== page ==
In the meantime, Norfolk Southern expanded by acquiring a moving van company. Of much greater importance, the railroad bought the rights to a new kind of highway trailer that was designed so that railroad wheels could be attached to it, thereby enabling it to run both on the road and on the tracks, where it was pulled along on the back of a train. Since NS’s corporate symbol was a racehorse, the marketing department named the new enterprise Triple Crown Service. The innovative van would some day help boost Norfolk’s intermodal revenues to the point where they excelled income from every commodity the railroad carried, except coal.

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2 A New Start

J. Parker Lamb Indiana University Press ePub

During the period immediately after the war, rail planning and construction again became important to Meridian’s economy as well as throughout all the former Confederate states. Both of the troubled lines in western Alabama were finally completed. The Selma & Meridian Railroad’s ongoing financial problems led to another reorganization in 1871 as the Alabama Central Railroad. However, a new disagreement arose after the Northeast & Southwest Alabama, operator of the York–Meridian line, refused to give Alabama Central the trackage rights into Meridian it had granted to the Selma & Meridian prior to the war. To counteract this decision, the Alabama Central obtained court approval to construct a 12-mile line from York to Lauderdale, Mississippi, where it would be granted trackage rights over the M&O. This line began operating in July 1878, although later consolidations would render it unnecessary.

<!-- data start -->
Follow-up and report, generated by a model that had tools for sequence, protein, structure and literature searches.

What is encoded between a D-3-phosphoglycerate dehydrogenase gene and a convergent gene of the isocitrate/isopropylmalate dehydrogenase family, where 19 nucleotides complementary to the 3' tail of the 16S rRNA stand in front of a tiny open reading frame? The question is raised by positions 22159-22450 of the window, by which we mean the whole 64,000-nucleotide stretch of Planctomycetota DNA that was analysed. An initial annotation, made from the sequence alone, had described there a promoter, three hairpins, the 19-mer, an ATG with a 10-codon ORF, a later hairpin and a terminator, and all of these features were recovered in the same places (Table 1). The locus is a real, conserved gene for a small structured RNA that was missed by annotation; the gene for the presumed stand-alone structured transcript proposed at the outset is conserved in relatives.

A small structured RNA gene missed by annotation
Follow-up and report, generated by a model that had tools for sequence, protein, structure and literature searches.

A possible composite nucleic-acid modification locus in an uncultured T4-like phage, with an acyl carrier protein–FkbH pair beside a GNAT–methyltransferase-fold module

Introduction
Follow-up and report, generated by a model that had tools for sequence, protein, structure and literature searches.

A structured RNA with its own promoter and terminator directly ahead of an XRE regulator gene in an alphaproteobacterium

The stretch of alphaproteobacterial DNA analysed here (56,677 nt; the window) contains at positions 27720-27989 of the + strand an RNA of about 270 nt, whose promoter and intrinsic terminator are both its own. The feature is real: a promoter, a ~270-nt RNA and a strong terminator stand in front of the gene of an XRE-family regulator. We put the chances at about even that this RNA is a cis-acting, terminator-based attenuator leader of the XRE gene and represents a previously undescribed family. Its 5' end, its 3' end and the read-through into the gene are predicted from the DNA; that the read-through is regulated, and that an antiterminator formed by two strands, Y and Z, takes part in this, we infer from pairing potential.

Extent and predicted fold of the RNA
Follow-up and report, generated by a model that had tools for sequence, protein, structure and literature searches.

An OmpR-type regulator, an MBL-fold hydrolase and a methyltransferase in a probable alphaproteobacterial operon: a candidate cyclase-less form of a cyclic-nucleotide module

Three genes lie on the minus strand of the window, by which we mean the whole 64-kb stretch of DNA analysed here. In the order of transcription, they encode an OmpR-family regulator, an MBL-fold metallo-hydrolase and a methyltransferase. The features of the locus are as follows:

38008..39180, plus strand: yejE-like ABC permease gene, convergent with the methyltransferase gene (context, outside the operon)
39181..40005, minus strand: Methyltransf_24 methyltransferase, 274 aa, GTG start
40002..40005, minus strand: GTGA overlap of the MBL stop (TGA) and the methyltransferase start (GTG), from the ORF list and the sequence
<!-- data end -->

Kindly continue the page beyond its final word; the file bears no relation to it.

These difficulties were no doubt tied to the bankruptcy of the North & South Alabama line in October 1868. This allowed its return to the previous owners, the Wills Valley, which renamed it the Alabama & Chattanooga Railroad. However, financial problems continued, and on January 1, 1871, the state of Alabama foreclosed on its bonds and became the legal owner. The state’s efforts to sell the road to another investor dragged out for nearly six years before a London banking firm, Emile Erlanger & Co., made a successful bid in June 1877. It renamed the line Alabama Great Southern Railway Co. Ltd. and began rebuilding it to contemporary standards (Harrison, First Supplement).